Summary: Patriotism is more than is preserving our nation’s values.

Patriotism -Pastor Bob Leroe, Cliftondale Congregational Church, Saugus, Massachusetts

“This is what the Lord says: ‘Let not the wise boast of their wisdom, or the strong boast of their strength, or the rich boast of their riches, but let all who boast, boast about this: that they understand and know Me, that I am the Lord, Who exercises kindness, justice and righteousness on earth, for in these I delight’, declares the Lord.” Jeremiah 9:23-24

When I came to Massachusetts, there were some places I especially wanted to see: The USS Constitution, Paul Revere’s house, the Old North Church, Concord Bridge, the Spirit of 76 painting, Plymouth Plantation, and Bunker Hill. America is important to me, even though I grew up in Germany (though appropriately in Mark Twain Village in Heidelberg). It’s one of the safest, freest countries, and the land of opportunity.

What is patriotism to a Christian? It is more than singing patriotic songs, waving the flag, and feeling emotionally stirred over our nation’s heritage. On this Independence Day weekend, let’s consider what patriotism is and is not:

Patriotism isn’t hostility…

I’ve seen a lot of hostility expressed in the name of patriotism. It’s very easy to demonize those who take opposing stands with regard to political issues. The conflict between our two political parties is not a struggle between good and evil. We can hold strong convictions regarding political matters, but we need to be civil toward opposing views. I find Talk Radio very stimulating, but I’m appalled at some of the extreme views I hear and the mean-spirited denunciation of anyone who disagrees with the host. The other day I heard a local talk show host wishing that a certain Supreme Court Justice would drop dead. We have become a culture that thrives on argumentative conflict. Last week on TV I saw America’s odd-couple, James Carville and Mary Matalin, debating on Meet the Press, with Tim Russert serving as referee. He was not serving as a marriage counselor, however. In spite of their completely opposite political views, they appear to have a good marriage. I read their book, All’s Fair, and the bottom line is that they respect each other, even when they’re sure the other’s ideology is ridiculous. We should maintain strong convictions, but it’s important that we’re civil to one another when we disagree.

Patriotism isn’t a license to sin…

Americans make a big deal about freedom…but for many, freedom is the right to do anything. Taken to an extreme, freedom is anarchy and lawlessness. Society needs some rules in order to maintain order. For example, if we had the freedom to drive however we wanted (some people I’ve seen think they have this already), consider how dangerous the roads would be! When I was in Italy, I was told there were no traffic laws, only “suggestions”. If you’re stopped at a red light, and no one’s coming, the guy behind you will honk his horn and yell at you to go already! People claim you can’t legislate morality, yet if you think about it, most laws have a basis in what we believe is moral behavior and fairness. Total liberty often means the free expression of immorality. True patriotism recognizes that we answer to a higher authority, that it matters how we live as citizens in a world God created.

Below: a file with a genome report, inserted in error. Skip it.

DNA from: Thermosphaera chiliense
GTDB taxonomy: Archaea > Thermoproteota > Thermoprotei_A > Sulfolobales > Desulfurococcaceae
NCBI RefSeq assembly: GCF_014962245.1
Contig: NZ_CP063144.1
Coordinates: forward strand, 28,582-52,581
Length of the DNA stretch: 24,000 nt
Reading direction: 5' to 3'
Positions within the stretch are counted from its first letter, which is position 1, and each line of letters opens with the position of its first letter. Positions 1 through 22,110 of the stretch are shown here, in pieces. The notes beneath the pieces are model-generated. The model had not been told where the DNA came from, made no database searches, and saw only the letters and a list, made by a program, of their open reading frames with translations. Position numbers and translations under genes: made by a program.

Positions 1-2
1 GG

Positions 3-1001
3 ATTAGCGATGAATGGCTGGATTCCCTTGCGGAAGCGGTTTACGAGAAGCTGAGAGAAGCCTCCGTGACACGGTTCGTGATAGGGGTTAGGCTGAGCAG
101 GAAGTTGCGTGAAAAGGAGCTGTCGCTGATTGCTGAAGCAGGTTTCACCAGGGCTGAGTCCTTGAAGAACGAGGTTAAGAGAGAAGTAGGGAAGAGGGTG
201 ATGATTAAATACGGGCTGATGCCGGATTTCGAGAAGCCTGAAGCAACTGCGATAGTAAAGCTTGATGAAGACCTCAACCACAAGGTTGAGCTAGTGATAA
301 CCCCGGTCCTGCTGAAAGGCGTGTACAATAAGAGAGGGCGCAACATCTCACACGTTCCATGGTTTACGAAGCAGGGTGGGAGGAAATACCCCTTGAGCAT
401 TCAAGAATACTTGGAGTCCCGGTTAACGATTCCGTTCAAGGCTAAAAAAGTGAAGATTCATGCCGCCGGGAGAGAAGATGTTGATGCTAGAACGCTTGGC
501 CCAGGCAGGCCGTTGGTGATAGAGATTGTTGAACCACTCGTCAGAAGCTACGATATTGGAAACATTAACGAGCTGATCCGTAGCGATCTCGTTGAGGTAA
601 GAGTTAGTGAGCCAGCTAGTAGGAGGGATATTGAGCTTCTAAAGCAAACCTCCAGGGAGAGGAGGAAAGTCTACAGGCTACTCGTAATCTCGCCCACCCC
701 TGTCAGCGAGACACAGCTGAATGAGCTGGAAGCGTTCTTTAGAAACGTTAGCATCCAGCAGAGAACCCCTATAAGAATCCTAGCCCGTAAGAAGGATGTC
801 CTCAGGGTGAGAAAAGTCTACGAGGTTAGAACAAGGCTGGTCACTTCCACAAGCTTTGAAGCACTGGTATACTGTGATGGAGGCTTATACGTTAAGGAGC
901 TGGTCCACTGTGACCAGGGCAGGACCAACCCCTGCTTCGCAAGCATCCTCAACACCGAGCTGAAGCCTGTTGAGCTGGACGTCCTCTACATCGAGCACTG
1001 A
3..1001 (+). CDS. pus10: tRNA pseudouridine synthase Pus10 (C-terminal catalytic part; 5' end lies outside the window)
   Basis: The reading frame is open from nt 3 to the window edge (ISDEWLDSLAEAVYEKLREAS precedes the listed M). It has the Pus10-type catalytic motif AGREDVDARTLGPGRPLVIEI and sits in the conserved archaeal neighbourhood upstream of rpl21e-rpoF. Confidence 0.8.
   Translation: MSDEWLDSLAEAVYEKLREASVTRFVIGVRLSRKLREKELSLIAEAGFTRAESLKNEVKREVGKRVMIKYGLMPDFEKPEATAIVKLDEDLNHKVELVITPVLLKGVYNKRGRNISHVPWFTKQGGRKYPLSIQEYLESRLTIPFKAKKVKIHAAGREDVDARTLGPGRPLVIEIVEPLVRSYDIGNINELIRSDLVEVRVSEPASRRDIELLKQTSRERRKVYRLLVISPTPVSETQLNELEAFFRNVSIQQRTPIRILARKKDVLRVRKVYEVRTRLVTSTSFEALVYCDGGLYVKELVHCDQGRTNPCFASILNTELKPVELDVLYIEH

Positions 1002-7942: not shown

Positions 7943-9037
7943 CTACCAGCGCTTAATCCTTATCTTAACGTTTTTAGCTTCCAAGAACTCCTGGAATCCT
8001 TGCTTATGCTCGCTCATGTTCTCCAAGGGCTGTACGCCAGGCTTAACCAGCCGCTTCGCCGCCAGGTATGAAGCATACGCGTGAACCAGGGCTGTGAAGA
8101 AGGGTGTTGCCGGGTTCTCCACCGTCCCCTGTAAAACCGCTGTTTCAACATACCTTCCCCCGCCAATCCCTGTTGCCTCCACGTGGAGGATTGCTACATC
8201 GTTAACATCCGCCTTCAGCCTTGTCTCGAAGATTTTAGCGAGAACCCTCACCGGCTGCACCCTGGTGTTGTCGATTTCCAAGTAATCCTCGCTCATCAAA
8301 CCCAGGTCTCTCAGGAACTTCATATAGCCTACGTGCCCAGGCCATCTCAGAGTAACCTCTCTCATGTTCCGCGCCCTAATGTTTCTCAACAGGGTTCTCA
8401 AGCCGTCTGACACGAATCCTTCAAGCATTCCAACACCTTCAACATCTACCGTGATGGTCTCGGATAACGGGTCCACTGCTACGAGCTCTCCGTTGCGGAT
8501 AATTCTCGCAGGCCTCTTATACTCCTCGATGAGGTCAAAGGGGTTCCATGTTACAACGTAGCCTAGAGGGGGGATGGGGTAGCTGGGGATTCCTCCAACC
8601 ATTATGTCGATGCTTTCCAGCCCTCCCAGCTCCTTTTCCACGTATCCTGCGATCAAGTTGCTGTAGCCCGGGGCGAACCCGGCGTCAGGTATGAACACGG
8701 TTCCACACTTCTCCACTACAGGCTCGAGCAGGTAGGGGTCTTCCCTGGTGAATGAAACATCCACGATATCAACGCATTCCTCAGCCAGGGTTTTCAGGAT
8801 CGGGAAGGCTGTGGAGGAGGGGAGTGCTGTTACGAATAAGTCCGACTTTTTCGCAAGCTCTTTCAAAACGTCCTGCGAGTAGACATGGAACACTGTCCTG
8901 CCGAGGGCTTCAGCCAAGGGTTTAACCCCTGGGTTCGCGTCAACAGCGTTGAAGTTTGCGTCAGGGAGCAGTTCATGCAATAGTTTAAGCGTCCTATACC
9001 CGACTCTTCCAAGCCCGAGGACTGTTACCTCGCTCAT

Patriotism isn’t “My country, right or wrong”…

In the movie Chariots of Fire, Scottish runner Eric Liddel is faced with an ethical dilemma. Does he run his Olympic event on the Lord’s Day, against his convictions, or does he refuse and disobey his king? Liddel decided his priority was God over king. He respectfully declined the race and was allowed to participate in a different event on a weekday…and won the gold medal. This is a true story. Liddel went on to serve as a missionary to China. Patriotism isn’t blind or uninformed. It’s certainly appropriate to be proud to be an American, but there are times when our love for our country demands that we stand up and voice our concern when our nation is headed in the wrong direction. If and when we disagree with policy, we don’t leave the country, as some people in the news have threatened. Patriotism involves taking a stand, writing letters to those in authority, and supporting candidates whose ideology concurs with our convictions. Patriotism is not equal to the number of flags we fly but by living the courage of our convictions, which may mean having to take a stand, and certainly the offering of prayers for justice and national repentance.

Patriotism isn’t a “free ride”…

Adlai Stevenson set forth that “Patriotism is not short, frenzied outbursts of emotion but the tranquil and steady dedication of a lifetime.” JFK had it right—what can we do for our country? What contribution can we make to help preserve our nation and our way of life? How can we impact our nation morally, especially to preserve the values upon which America was founded? We can make a difference by being a voice in the marketplace of ideas--whether we write a letter to a newspaper editor, call a Congressman, or run for public office ourselves. When I served as a military chaplain, one thing I recognized was that I had a potential influence on policy. I attended staff meetings and advised the leadership. As one of my Commanders put it, “You’re here, Chaplain, to keep us honest.” Speaking of the military, while the Armed Forces isn’t for everyone, I do believe some sort of national service is important for every citizen. In WWII even children saw their role in helping the war effort by saving paper for recycling. I understand that many of the committees and positions in town government are unpaid positions. Those who serve are giving back to their community. As we teach our children to appreciate America, we need to rekindle this principle of selfless service.

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